Image provided by: Morrow County Museum; Heppner, OR
About Heppner gazette-times. (Heppner, Or.) 1925-current | View Entire Issue (Sept. 3, 1936)
HEPPNER GAZETTE TIMES, HEPPNER, OREGON, THURSDAY, SEPT. 3, 1936
By EEULAH NICHOLS
A meeting of the Lexington Home
Economics club will be held Thurs- I
day afternoon. Sept 10, at the home
of the chairman, Mrs. Harvey Mil
ler. All members are invited to at
tend. The meeting of Lexington grange
will be held this month on the third
Saturday Instead of the second.
The Morrow County Grange coun
cil will meet at Lexington on the
The Lexington grange float, rep
resenting "Liberty," which was en
tered in the Rodeo parade Friday
morning was awarded third prize.
Randall Martin had an attack of
appendicitis while attending the
Rodeo Saturday afternoon and was
taken to the Mid-Columbia hospital
in The Dalles where he underwent
an operation Monday morning. He
is reported to be getting along
Mr. and Mrs. William D. Camp
bell have returned to Lexington af
ter spending the summer in Eu
gene where Mr. Campbell attended
the summer session of the Univer
sity of Oregon. Mr. Campbell is
busy this week getting everything
in readiness for the opening of
school next Monday. Willard C.
Newton, seventh and eighth grade
'teacher, came Tuesday afternoon
from Monmouth where he attend
ed summer school. The other teach
ers are expected to arrive within
a few days.
Mr. and Mrs. Orlow Martin and
two sons came over from their
home at Moro to attend the Rodeo
and spent the week end with Mr.
and Mrs. H. V. Smouse and Mr. and
Mrs. Myles Martin.
Clarence Hayes of Heppner vis
ited friends in Lexington Sunday.
Orville Cutsforth returned Sun
day afternoon from a two weeks'
trip to Yellowstone and Glacier
parks and other points of interest
in Canada and the middlewestern
Bill and Grace Burchell spent the
week end with friends in Heppner.
Mr. and Mrs. Karl Miller who
were guests of Mr., and Mrs. Harry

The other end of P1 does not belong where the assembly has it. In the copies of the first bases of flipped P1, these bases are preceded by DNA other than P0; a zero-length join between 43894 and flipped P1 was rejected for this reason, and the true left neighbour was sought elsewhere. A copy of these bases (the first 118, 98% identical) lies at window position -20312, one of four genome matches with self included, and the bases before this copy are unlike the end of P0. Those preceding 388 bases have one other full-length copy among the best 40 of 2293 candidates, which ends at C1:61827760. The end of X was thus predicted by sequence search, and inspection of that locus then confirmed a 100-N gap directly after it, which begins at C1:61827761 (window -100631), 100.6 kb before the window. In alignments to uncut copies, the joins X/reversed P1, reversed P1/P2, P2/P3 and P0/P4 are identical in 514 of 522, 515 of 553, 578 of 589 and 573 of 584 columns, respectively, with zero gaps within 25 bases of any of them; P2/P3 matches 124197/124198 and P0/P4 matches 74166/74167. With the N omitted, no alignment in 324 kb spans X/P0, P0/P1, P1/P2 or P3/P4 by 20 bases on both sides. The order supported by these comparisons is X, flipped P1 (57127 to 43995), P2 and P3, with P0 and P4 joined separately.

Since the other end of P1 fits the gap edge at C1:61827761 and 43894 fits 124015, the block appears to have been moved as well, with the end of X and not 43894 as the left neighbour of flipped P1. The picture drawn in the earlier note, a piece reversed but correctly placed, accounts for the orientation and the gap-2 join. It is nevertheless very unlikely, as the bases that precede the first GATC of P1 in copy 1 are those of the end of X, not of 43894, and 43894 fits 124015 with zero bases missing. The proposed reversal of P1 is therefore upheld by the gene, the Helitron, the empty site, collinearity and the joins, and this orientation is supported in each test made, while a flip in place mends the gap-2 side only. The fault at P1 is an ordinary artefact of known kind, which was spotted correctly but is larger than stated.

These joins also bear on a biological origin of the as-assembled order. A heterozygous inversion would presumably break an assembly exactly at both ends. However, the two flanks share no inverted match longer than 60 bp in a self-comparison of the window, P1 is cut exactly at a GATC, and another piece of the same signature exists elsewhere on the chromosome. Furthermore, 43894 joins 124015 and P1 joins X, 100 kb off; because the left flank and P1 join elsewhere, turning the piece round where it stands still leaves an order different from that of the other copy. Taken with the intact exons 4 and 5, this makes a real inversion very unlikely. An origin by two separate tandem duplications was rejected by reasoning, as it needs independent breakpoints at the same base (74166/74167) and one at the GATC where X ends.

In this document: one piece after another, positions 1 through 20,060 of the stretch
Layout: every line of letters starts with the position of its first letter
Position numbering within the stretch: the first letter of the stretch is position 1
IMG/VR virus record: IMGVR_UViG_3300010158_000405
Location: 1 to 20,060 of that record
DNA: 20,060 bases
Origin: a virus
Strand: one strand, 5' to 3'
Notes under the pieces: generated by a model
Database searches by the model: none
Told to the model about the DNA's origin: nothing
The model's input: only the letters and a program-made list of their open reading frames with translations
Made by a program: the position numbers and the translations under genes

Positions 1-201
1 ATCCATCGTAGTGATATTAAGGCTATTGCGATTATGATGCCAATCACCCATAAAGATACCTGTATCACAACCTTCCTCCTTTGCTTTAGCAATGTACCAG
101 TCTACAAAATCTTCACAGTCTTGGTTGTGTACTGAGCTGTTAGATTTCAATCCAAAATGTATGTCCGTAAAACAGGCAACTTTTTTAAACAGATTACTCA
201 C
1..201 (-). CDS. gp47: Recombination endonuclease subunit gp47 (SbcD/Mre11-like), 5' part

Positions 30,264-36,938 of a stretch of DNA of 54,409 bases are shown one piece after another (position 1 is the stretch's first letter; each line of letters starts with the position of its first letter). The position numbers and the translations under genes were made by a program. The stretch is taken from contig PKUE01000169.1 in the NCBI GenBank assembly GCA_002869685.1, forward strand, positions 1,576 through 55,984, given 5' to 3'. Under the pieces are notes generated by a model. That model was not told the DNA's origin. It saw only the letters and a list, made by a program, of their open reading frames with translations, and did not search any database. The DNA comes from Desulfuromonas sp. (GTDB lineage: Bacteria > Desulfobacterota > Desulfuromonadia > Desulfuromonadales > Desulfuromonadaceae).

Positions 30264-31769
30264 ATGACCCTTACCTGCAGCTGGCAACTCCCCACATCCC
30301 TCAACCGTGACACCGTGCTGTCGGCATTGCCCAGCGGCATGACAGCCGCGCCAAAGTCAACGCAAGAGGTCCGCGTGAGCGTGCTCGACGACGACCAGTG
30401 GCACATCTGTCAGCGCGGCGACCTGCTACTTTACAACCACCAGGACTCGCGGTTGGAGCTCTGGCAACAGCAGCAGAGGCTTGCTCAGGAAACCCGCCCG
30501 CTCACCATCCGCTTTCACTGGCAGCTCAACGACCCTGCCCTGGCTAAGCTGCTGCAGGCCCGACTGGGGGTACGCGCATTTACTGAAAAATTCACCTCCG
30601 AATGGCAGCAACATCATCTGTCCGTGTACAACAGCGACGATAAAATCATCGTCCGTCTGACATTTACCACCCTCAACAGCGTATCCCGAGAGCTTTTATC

Dinges last week have returned to
their home at Jefferson.
Miss Erma Lane who spent last
week with relatives in this com
munity has returned to Portland.
Fete and Jack McMillan have
returned to their work at Carlton
after spending last week visiting
relatives in Lexington and attend
ing the Heppner Rodeo.
Mr. and Mrs. A. L. Tucker and
family of Grandview, Wash., were
guests of Mr. and Mrs. F. N. Moyer
Miss Ethel Hughes of , Heppner
visited with .Mrs. Vernon Scott on
Miss Irene Tucker left the first
of the week for Ontario where she
expects to take up her duties as
teacher in the primary department
of the Ontario grade school next
Al Clough of Arlington was a
business visitor in this city one day
Mr. and Mrs. Claire Daugherty
are the parents of a seven-pound
son born Friday at the home of
Mrs. P. A. Mollahan in Heppner.
Mr. and Mrs. J. F. McMillan and
family have returned from a week's
visit with relatives in Portland and
have moved into their house in
town to send the children to school.
Mr. and Mrs. Bill McMillan of
Corvallis spent the week end with
relatives in Lexington. While here
they attended the Rodeo. They
were acompanied by Miss Peggy
Warner who visited her parents,
Mr. and Mrs. H. E. Warner.
George Tucker came over from
Grandview. Wash., Friday and vis
ited with his sister, Mrs. Arthur
Hunt, over the week end.
Mrs. Etha Thompson, formerly
Miss Etha Robinson, visited with
friends here and at Heppner last
Laurel Beach left Tuesday for
Gresham where he will begin his
second year as instructor in the
' Patsy Ann Campbell was ill the
first of the week.
Mrs. Bonnie Cochran has returned
to her home in Heppner after spend
ing several days as the guest of
Mrs. Lewis Marquardt.
Paul Gemmell of Heppner was
transacting business in Lexingtos
Mr. and Mrs. Myles Martin mo